+there is some activity
+in [2013](https://sourceforge.net/p/ario-player/code/HEAD/tree/)
+and [2015](http://repo.or.cz/w/gmpc.git) in their respective source control
+repositories.
+
+Ario has a simpler user interface but gmpc has cover art download
+working out of the box, which is why I might stick with it.
+
+In both cases, it is possible to [configure a polipo
+proxy](https://feeding.cloud.geek.nz/posts/things-that-work-well-with-tor/)
+so that any external resources are fetched via
+[Tor](https://www.torproject.org/).
+
+## Android
+
+On Android, I got these two to work:
+
+- [M.A.L.P.](https://f-droid.org/repository/browse/?fdfilter=malp&fdid=org.gateshipone.malp) (requires Android 5 or later)
+- [MPDroid](https://f-droid.org/repository/browse/?fdfilter=mpdroid&fdid=com.namelessdev.mpdroid)
+
+I picked M.A.L.P. since it includes a nice widget for the homescreen.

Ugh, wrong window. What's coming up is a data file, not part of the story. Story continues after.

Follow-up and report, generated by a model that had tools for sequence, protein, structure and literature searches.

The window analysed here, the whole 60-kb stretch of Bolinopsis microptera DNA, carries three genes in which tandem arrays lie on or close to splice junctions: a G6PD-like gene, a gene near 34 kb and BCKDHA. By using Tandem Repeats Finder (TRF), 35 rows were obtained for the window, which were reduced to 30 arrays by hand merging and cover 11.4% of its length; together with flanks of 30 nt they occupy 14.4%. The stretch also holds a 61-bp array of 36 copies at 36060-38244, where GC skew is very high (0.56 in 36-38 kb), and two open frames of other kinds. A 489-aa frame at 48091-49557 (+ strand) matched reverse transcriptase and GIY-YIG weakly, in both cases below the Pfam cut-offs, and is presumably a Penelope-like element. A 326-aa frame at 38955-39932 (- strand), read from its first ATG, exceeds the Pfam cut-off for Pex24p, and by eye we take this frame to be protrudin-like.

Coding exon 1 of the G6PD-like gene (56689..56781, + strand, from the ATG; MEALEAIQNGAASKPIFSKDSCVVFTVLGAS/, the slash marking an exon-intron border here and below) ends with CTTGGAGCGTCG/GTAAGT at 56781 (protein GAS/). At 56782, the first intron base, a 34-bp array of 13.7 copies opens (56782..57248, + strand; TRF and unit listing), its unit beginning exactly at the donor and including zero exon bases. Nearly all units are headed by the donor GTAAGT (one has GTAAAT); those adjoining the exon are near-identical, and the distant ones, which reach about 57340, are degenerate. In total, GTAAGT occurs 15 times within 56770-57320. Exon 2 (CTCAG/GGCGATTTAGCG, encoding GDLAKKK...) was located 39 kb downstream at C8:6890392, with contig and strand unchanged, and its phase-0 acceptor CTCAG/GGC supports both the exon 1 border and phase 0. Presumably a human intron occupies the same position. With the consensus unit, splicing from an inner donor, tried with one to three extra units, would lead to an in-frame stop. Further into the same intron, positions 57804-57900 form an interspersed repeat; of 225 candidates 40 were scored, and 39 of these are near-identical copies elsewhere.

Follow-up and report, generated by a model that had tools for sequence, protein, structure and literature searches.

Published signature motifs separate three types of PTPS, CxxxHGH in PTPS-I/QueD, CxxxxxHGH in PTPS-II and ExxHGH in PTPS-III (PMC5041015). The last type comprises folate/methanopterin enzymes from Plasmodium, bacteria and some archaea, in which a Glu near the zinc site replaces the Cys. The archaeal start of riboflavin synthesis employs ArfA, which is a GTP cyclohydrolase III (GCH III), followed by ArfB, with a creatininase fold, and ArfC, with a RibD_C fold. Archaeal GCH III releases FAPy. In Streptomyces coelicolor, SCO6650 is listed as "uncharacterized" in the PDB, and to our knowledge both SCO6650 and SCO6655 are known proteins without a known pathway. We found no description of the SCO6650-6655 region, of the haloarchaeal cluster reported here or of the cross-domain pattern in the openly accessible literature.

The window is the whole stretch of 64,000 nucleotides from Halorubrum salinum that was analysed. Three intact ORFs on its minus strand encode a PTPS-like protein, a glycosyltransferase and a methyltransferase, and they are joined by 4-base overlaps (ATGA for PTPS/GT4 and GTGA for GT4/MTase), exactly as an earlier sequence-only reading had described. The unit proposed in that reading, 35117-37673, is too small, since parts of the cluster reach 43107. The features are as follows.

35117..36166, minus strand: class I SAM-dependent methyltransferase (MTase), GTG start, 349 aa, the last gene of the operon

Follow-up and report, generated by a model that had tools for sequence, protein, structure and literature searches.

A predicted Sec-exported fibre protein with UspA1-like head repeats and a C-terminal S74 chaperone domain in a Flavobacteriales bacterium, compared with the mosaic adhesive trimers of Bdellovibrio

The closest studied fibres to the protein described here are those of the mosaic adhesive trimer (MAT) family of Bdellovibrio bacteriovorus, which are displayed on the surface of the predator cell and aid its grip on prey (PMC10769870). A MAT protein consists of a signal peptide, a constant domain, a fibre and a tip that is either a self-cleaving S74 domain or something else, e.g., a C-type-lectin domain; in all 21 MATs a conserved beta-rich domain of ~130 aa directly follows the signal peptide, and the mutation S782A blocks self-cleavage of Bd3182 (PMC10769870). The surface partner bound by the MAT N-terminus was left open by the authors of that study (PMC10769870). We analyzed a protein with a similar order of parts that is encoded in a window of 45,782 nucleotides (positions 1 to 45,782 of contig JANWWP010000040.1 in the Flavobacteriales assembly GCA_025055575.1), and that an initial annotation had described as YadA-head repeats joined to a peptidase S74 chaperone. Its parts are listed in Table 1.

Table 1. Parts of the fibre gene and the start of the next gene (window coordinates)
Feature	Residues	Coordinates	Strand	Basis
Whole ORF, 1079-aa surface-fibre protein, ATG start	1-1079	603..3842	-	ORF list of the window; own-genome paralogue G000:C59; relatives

+
+## iOS
+
+On iOS, these are the most promising clients I found:
+
+- [MPDRemote](https://github.com/Nyx0uf/MPDRemote) (free software, not on the AppStore)
+- [MPDluxe](http://kineticfactory.com/MPDluxe/) (proprietary, sold on the [AppStore](https://itunes.apple.com/app/mpdluxe/id991758069?mt=8))
+
+since [MPoD](http://www.katoemba.net/makesnosenseatall/mpod/) and
+[MPaD](http://www.katoemba.net/makesnosenseatall/mpad/) don't appear to be
+available on the AppStore anymore.
+
+[[!tag debian]] [[!tag ubuntu]] [[!tag nzoss]] [[!tag mpd]] [[!tag ios]] [[!tag android]] [[!tag tor]]

Create ios and osx tags
diff --git a/posts/using-openvpn-on-ios-and-osx.mdwn b/posts/using-openvpn-on-ios-and-osx.mdwn
index c5e7641..d104815 100644
--- a/posts/using-openvpn-on-ios-and-osx.mdwn
+++ b/posts/using-openvpn-on-ios-and-osx.mdwn
@@ -95,4 +95,4 @@ connection:
          cipher AES-256-CBC
          auth SHA384
 
-[[!tag openvpn]]
+[[!tag openvpn]] [[!tag ios]] [[!tag osx]]

Fix formatting of preformatted text in bullets
diff --git a/posts/running-your-own-xmpp-server-debian-ubuntu.mdwn b/posts/running-your-own-xmpp-server-debian-ubuntu.mdwn
index 7960266..b79d687 100644
--- a/posts/running-your-own-xmpp-server-debian-ubuntu.mdwn
+++ b/posts/running-your-own-xmpp-server-debian-ubuntu.mdwn
@@ -92,7 +92,7 @@ permissions correctly:
       chown root:ejabberd /etc/ejabberd/ejabberd.pem